Crash Course in Traffic Control
Controlling vehicular and pedestrian traffic is a significant security concern, but the security risks can be dramatically reduced when using the correct perimeter and access solutions.
With the advancement and convergence of security systems, gates, barriers and turnstiles are following in similar fashion. Innovative technologies are providing the best perimeter protection for high-risk sites while maintaining pleasing aesthetics.
Barricade methods, in conjunction with an overall security system, will provide an effective means of controlling incoming and outgoing traffic. By combining several types of barriers, vehicles can be monitored and unauthorized access can be eliminated.
Traffic of the pedestrian variety can be managed inside a facility as well with the use of turnstile and gate devices. Using the correct turnstile method — waist-high, full-length, optical, barrier-free or drop-arm — will regulate the directional flow of people and monitor incoming and outgoing patrons. Combining traditional turnstile and gate access devices with card readers and video surveillance systems will offer more efficient and secure access control.
Securing the Perimeter and Controlling Vehicular Access
“Automated vehicular gate systems are the first line of defense at the perimeter,” says Richard Sedivy, director of marketing for Inglewood, Calif.-based DoorKing, a manufacturer of residential, commercial, industrial and maximum security gate and barrier operators.
While most barriers and bollards are capable of reducing the speed or demobilizing a vehicle in time for a security guard to react, not every barricade is suitable for every job. For most guard stations, a security barrier needs to be tailored to fit the specific security needs for that environment.
“It basically comes down to control,” says David Dickinson, senior vice president of Palmdale, Calif.-based Delta Scientific. “If you have a guard roof and a car drives up, there is nothing a guard can do to stop the vehicle. There is nothing to physically stop him and there is no real control unless you have some kind of barricade.”
Determining the correct barricade is indicative to the threat and speed of a vehicle and the level of security needed for a specific area. The weight and velocity of a vehicle will determine whether or not the vehicle will breach the secured area. The payload stopping capability of a barrier or gate is key in choosing and implementing the correct device.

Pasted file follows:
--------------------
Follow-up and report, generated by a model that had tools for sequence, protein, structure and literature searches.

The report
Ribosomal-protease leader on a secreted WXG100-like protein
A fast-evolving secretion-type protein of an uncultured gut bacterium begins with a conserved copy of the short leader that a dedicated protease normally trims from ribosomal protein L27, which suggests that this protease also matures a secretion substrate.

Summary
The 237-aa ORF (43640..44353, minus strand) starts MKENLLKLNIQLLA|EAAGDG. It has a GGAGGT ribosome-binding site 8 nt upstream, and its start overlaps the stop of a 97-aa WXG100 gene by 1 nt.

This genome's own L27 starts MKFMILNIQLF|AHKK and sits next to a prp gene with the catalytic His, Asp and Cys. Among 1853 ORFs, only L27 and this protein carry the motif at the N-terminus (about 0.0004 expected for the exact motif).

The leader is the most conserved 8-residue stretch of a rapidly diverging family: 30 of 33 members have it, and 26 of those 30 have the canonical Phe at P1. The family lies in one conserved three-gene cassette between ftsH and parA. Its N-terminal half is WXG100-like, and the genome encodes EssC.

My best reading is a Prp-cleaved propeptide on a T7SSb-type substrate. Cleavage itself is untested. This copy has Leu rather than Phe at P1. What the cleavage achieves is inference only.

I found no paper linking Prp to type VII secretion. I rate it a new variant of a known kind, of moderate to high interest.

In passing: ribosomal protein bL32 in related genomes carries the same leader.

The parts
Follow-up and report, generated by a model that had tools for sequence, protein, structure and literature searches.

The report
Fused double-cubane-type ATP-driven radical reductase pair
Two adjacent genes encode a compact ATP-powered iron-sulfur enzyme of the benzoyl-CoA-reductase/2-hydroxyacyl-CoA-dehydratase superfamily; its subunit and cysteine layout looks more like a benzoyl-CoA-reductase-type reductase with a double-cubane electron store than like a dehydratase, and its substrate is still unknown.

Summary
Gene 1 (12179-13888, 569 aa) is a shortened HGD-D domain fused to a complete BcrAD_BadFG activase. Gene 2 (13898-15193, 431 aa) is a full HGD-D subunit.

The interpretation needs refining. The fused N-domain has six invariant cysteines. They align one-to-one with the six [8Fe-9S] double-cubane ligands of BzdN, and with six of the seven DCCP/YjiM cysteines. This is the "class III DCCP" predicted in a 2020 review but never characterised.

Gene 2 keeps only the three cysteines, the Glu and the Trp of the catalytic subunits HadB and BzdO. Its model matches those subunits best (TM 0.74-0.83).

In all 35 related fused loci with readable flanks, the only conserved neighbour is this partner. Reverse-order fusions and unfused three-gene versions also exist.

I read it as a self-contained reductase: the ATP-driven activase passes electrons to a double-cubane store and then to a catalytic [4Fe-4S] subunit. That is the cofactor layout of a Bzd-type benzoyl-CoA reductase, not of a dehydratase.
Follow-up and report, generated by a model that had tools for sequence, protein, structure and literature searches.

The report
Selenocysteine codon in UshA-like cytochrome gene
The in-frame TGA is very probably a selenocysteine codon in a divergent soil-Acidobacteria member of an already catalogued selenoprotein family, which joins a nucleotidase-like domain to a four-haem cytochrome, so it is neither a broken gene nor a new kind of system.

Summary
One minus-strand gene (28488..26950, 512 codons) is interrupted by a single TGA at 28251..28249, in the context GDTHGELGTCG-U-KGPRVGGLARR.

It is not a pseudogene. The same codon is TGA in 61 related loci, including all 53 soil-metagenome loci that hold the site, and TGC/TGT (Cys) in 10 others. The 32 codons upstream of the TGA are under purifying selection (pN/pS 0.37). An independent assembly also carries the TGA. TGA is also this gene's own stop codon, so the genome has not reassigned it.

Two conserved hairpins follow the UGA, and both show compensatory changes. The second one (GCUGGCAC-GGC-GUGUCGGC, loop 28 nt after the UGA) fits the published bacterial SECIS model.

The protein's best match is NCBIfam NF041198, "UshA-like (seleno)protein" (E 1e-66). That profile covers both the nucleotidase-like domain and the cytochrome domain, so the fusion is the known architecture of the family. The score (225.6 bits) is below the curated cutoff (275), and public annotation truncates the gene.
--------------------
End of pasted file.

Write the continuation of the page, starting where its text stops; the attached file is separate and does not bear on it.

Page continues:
Vehicle deterrence devices go through two types of testing to determine its payload-stopping capability. The first is a crash-rating test that is determined through computer analysis. The second method of testing is the actual crash test. Delta Scientific uses both tests to qualify its barricade products to ensure the correct stopping capability.
“The most effective means is to run a full crash test,” says Dickinson. “And secondary, we use computer modeling to study our designs and evaluate them.”
The U.S. Department of State uses three barrier ratings based on a vehicle’s speed and the barrier’s stopping capability. A K4-rated barrier is able to stop a 15,000-pound vehicle traveling at 30 mph, while a K8-rated barrier will stop the vehicle at 40 mph and the K12 at 50 mph. A vehicle’s kinetic energy will determine its hitting power. Kinetic energy is determined through the velocity and weight of the vehicle. In addition, ratings of L1 through L3 are given to describe the distance a vehicle is expected to travel past the barrier after impact.
Barricades are designed to absorb the vehicle’s kinetic energy upon impact; however, the faster a vehicle is traveling, the greater the likelihood of a breach. In order to prevent penetration into a secured area, entrances can be designed with sharp turns to force a vehicle to slow before reaching the barrier. This method significantly reduces the vehicle’s kinetic energy and its chances of breaking through the barrier.
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